We are super proud of our Rat Lab! When a skater joins Rat City, they are not immediately placed on a home team. Starting derby, and particularly competitive derby, is a bit of a meat grinder, so we formulated a development team called the Rat Lab, which is where new skaters are trained both on and off-skates, they are introduced to derby as a sport and to Rat City as a league, and they are developed so that when they are drafted to a home team, they are ready to hit the ground running with strategies, teamwork, and athleticism. A skater can spend as much time as they want in the Rat Lab, and since we have recently formed Rat Lab as its own team, it gives skaters the ability to scrimmage other fresh meat teams in the area and have the pride of being on their own team without the pressure that skaters often experience being drafted to a competitive team before they are really qualified to be there. Plus, when your fellow Rat Labbers get drafted to other teams, you still have that bond, so it reduces friction between our home teams-- although the competition is still fierce!
Congratulations on starting your 11th season this winter! As one of the leagues that were a huge part of both the rebirth of modern roller derby and formation of WFTDA, what has the experience been as both roller derby and WFTDA have grown and changed? How has your organization grown and changed in turn?
Thank you! Both WFTDA and Rat City have grown in so many ways over the years, it's been a wild progression. Some of those growth periods have been rocky-- remember the no-start debacle at the 2011 West Region playoffs?-- but for the most part, we are grateful for the things we have learned along the way. We are happier with the faster starts and the evolving ruleset, and we are always interested in seeing where the game goes so that we can create a great experience for our skaters and our audiences. I think that what stays the same is our emphasis on strong strategy and being students of the game. What has changed is our ability to execute, grow skaters from wall-huggers to brick walls, and to see our organization as a growing business just as much as it is a group for women to grow athletically and emotionally. We are growing as a business, as an athletic organization, and most importantly, as people.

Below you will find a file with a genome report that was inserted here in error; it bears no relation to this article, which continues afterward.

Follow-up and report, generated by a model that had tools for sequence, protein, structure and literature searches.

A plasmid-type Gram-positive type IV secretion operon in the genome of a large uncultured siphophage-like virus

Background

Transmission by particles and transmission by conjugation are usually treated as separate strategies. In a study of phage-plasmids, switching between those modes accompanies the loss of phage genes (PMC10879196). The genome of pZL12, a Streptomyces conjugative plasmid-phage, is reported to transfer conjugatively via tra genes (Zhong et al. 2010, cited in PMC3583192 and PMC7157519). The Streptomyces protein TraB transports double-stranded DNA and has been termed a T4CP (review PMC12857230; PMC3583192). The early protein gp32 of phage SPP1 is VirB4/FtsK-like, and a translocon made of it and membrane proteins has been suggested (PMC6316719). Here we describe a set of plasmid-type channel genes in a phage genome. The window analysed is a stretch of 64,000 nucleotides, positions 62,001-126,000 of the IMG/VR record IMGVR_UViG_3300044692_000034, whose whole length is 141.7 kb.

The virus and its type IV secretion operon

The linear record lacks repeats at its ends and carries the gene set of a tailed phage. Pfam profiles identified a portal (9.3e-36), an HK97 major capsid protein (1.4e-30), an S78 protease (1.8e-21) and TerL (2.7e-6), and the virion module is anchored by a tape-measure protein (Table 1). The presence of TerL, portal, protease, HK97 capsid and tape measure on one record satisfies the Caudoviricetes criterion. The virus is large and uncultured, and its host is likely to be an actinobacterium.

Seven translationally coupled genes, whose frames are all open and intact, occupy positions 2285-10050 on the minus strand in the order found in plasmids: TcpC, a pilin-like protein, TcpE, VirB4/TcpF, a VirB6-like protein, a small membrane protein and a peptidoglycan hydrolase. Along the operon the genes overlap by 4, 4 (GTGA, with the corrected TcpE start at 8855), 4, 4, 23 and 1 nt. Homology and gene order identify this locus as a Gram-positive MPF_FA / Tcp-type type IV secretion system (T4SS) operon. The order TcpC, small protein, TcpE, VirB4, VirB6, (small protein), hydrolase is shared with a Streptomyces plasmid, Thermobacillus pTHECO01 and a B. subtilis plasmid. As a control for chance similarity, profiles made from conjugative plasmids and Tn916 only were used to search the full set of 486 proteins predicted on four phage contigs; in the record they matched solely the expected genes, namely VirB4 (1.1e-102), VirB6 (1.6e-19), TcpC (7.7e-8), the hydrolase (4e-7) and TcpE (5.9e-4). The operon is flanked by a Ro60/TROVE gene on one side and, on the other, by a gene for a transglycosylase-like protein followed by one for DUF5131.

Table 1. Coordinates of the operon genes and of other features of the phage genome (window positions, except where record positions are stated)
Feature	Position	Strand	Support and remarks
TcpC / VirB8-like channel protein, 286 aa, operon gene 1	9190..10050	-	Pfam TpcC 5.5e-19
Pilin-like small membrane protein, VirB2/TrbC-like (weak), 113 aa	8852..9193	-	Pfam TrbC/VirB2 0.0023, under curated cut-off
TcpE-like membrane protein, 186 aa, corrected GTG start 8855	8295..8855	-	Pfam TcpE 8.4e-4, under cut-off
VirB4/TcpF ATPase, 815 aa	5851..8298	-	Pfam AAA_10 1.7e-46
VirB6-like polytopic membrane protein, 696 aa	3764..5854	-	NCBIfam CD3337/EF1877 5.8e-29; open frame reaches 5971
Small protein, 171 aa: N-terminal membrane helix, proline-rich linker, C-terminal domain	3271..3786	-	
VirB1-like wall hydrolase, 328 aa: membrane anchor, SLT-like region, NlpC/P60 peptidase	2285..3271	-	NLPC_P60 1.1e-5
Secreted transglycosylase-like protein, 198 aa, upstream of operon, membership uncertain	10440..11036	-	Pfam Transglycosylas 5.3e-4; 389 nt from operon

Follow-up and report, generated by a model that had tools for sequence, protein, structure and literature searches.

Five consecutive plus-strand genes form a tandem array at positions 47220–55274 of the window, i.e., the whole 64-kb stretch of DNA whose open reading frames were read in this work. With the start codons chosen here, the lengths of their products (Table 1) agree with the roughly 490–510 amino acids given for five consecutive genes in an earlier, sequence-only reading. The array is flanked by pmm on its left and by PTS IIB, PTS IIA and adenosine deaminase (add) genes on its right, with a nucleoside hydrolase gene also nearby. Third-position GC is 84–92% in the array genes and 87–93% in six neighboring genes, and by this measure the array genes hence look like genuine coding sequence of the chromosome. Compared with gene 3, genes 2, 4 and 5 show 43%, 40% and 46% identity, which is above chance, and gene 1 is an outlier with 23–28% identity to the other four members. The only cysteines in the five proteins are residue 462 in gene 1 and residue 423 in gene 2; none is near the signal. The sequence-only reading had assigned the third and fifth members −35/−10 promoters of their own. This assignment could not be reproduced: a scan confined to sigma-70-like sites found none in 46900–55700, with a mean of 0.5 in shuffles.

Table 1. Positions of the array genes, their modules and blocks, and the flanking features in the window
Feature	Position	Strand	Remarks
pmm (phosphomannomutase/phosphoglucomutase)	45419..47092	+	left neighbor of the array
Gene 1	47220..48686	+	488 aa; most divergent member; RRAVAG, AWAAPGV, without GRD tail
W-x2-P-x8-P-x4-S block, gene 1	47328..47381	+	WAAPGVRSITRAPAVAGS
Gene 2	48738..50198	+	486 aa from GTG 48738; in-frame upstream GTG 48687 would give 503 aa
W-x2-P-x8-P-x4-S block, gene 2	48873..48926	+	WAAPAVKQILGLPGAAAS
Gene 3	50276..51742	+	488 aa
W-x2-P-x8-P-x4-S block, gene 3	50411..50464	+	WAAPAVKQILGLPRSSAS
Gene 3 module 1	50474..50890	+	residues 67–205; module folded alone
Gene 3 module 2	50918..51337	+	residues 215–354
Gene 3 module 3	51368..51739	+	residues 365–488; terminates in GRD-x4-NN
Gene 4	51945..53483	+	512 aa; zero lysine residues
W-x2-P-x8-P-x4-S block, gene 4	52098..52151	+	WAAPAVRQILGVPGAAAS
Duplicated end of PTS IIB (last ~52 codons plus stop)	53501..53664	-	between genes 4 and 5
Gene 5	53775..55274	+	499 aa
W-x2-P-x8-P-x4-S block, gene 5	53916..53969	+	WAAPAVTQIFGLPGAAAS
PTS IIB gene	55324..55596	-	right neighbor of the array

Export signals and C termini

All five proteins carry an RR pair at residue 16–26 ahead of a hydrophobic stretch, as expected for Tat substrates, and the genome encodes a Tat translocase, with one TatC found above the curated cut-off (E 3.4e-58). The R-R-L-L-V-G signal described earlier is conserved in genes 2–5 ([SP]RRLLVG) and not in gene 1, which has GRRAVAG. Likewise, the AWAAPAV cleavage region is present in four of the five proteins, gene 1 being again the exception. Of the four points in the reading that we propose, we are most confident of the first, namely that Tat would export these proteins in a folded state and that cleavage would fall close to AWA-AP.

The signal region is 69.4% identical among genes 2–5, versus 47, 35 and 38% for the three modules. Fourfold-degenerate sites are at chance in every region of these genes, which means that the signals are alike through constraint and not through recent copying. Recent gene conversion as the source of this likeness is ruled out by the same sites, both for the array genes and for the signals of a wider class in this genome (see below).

After taking home 4th in the 2014 D1 Playoffs in Sacramento and narrowly missing out on a trip to Championships, what are your ambitions for playoffs in 2015? Which teams are you preparing to face off with to make it all the way to Champs this year?
Our goal is always to win, so while we were proud of our 4th place showing, we always see areas where we can improve. And, we are always shooting for the best, so we are most definitely thinking about Gotham as we prepare for playoffs. Rose City and Denver are also serious threats, not to mention Minnesota and the always dangerous Texecutioners. One of those areas was in changing up our internal structure so that All-Star team members could choose to skate just the All-Star season instead of both the home and All-Star team seasons-- this is intended to minimize both sudden-onset and fatigue injuries by allowing them the rest they need, which is something that we haven't done in years past. Our plan is by having a rested, strengthened All-Star team, and a brand new head coach, the phenomenal Vito Ramon, we will be not only ready to dominate the playoffs, but take Championships too!
How does your league give back to the community?
We have a long-standing commitment to our community, and our Community Care department is in full swing. We have had a long-standing partnership with Goodwill, and we raise money for a charity with every game, ranging from the Ballard Food Bank to the Girl Scouts, to First Read. We encourage youth and community groups to perform at halftime during our bouts, and we offer a 10% discount on our tickets to Nest bouts to our partners at Shoreline Community College. We are always looking to do more!
Do you have any big fundraisers coming up?
We recently rescheduled this year's Black Eyed Ball because we realized that it was rushed, and that it wouldn't be a good experience for our audience, so we are taking the time to make it better, focus it, and make sure that we are creating a great party. At this point, we are focusing on a big Sponsorship Drive, to increase our sponsorship offerings and sponsor base. We are developing new products and new ways that our sponsors can advertise with us that will be useful for their businesses.
Do you have a special message for your fans?
To our awesome and amazing fans: This has been a hard year, and it has taken all of your love, faith, and belief in us to bring us to Season 11. We are so thankful for your support, and with your help, we will be here for years to come, promoting the sport of roller derby and uplifting female, male, and youth athletes. We are forever grateful, thankful, and appreciative of you and we will never forget the kindness you have shown us. Thank you so very much!
--Rat City Rollergirls